Mexico has asked the United States to provide US $108.4 million a month to fund the implementation of two employment programs in Central America.
As part of efforts to attend to the structural causes of migration in the region, the United States agreed last week to collaborate on the expansion of the Sembrando Vida (Sowing Life) tree-planting employment program and the Youths Building the Future apprenticeship scheme.
The programs – signature initiatives of the federal government, albeit ones that have been allegedly tainted by corruption – will be rolled out in Guatemala, Honduras and El Salvador.
Mexico wants the United States to provide $86.4 million per month for Sembrando Vida and $22.03 million per month for Youths Building the Future, according to the newspaper Milenio, which obtained a document submitted to U.S. officials at high-level bilateral talks in Washington D.C. last Thursday.
Mexico proposed that the funding be provided via the United States Agency for International Development, commonly known as USAID. Mexico will design the programs and provide technical support to them, according to the document, entitled A Common Vision for the Region.
The federal government proposed the participation of 240,000 Guatemalans, Hondurans and Salvadorans in Sembrando Vida and 90,000 people aged 18 to 29 in Youths Building the Future. Participants in both would receive $360 per month.
Sembrando Vida beneficiaries would also have the opportunity to study at agricultural schools, according to the document. Mexico acknowledged that one barrier to the program could be participants’ inability to find land on which to plant timber-yielding and fruit trees. However, plans to facilitate access to land will be implemented, it said.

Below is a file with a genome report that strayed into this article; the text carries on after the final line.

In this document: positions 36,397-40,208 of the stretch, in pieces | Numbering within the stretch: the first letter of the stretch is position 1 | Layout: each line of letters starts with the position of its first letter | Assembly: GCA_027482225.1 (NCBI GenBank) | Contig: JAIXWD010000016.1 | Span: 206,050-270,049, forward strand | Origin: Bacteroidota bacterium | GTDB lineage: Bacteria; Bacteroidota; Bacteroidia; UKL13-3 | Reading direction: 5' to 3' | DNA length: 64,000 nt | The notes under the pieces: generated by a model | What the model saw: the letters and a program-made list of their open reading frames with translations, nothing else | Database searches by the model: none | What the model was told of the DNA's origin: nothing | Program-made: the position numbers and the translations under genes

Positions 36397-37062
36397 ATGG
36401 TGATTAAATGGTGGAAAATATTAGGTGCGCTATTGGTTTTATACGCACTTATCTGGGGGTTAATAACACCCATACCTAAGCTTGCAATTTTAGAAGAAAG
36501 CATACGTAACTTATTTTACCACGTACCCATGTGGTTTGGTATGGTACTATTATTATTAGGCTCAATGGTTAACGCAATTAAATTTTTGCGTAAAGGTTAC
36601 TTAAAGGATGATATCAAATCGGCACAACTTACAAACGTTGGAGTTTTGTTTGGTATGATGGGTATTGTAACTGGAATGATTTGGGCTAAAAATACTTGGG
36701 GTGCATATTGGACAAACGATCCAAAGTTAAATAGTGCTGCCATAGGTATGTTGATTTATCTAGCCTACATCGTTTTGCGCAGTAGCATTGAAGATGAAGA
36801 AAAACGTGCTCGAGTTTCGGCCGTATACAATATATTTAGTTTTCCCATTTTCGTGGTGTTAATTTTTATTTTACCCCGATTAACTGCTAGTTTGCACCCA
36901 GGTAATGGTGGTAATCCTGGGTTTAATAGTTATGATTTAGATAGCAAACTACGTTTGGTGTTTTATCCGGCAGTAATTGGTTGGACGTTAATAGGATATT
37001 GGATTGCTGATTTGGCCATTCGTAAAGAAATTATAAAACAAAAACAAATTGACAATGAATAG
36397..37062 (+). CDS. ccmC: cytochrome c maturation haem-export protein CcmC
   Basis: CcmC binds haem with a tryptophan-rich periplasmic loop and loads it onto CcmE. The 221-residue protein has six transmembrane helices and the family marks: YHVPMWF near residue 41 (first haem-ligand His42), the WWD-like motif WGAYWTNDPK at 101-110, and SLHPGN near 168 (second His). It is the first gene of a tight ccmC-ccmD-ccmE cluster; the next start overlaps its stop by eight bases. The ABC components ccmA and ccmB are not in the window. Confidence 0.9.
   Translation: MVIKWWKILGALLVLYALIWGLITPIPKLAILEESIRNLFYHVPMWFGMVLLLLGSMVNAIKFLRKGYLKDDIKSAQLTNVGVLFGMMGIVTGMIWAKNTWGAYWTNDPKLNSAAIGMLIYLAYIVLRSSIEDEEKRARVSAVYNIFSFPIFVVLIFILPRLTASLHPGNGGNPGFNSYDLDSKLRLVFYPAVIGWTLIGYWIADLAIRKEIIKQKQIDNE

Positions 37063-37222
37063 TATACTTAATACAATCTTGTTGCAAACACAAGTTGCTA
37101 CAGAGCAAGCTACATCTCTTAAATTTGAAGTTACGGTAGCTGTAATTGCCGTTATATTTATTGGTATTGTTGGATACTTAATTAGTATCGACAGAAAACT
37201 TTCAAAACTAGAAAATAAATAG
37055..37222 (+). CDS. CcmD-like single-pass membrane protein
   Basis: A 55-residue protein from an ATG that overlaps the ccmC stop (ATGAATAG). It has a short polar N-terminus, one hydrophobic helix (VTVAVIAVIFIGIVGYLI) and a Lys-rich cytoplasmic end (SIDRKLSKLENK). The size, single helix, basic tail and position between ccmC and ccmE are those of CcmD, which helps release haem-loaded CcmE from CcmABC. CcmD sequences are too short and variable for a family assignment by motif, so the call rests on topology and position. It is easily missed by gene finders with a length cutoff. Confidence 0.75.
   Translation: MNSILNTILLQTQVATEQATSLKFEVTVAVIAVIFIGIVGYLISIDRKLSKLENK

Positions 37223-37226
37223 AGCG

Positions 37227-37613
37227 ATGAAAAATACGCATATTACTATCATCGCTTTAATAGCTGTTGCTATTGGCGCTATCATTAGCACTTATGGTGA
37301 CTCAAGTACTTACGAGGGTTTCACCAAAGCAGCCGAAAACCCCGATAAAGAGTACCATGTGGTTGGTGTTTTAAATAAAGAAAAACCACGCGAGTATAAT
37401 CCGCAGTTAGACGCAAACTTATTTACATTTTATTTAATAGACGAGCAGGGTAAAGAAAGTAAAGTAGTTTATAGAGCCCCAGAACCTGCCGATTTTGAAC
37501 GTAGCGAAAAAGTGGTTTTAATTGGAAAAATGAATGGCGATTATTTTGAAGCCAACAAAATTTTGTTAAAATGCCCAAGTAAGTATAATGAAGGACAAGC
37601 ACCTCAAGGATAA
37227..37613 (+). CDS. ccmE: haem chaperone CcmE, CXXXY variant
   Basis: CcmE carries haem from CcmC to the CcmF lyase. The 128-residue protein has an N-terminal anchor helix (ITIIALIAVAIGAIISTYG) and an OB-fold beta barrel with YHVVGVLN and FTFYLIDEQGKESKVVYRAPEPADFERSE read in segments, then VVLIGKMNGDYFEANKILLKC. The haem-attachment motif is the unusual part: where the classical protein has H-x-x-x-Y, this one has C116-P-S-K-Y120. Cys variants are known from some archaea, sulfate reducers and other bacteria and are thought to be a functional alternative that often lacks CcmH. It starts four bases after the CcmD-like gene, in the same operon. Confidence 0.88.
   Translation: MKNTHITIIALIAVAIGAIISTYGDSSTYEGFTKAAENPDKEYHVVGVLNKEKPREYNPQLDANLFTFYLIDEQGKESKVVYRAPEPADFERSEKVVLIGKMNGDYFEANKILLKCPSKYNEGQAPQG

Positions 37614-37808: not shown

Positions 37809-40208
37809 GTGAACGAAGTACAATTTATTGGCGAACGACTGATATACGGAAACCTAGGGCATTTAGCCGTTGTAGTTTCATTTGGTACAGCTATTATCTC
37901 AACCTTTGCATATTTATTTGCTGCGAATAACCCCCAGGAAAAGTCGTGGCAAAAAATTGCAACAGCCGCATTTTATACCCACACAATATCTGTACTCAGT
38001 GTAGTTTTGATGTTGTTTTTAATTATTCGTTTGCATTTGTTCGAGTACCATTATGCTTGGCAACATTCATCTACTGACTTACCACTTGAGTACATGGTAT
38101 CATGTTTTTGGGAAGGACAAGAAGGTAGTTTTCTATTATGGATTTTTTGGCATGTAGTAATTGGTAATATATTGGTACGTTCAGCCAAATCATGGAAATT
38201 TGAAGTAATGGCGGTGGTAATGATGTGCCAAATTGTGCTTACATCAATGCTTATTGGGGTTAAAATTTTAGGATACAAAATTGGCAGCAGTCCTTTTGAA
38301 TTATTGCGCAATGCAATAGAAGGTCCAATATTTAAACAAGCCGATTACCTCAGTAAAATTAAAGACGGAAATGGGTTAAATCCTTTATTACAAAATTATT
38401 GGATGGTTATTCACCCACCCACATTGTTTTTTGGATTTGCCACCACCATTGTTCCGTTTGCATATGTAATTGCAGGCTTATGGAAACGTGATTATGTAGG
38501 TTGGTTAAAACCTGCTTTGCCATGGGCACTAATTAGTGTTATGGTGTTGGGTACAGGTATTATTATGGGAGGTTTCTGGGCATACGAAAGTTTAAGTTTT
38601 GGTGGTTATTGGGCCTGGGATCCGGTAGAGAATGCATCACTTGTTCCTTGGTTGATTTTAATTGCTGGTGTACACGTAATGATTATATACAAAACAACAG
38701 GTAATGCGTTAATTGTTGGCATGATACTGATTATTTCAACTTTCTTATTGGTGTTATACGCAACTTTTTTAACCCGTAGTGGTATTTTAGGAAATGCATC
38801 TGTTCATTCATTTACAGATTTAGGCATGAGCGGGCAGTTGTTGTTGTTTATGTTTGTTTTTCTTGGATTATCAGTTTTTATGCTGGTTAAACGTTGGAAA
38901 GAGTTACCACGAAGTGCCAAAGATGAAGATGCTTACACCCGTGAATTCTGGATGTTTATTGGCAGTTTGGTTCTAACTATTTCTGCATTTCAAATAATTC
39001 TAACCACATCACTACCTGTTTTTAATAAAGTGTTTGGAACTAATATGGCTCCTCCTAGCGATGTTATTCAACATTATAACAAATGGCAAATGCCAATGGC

The apprenticeship scheme will provide training and financial support to young Central Americans for a period of two years. Some 5,000 workplaces are slated to participate in the program, which would likely commence sometime next year.
President López Obrador said earlier this year that the United States should issue temporary visas to Central Americans who work in Sembrando Vida for three years. But the United States has shown little interest in the proposal.
Mexico and the U.S. did, however, sign a memorandum of understanding in June to establish a strategic partnership to address the lack of economic opportunities in northern Central America.
After last week’s High Level Economic Dialogue in Washington, the White House said the United States and Mexico “will identify complementary and cooperative opportunities to improve livelihoods through the creation of jobs and opportunities in the short, medium, and long term in El Salvador, Honduras, Guatemala and southern Mexico.”
The increased cooperation between the two countries comes as record numbers of migrants stream into Mexico en route to the United States, while more than 212,000 migrants were detained in the U.S. in July after illegally crossing the border. The figure was the highest monthly total in more than 20 years.
With reports from Milenio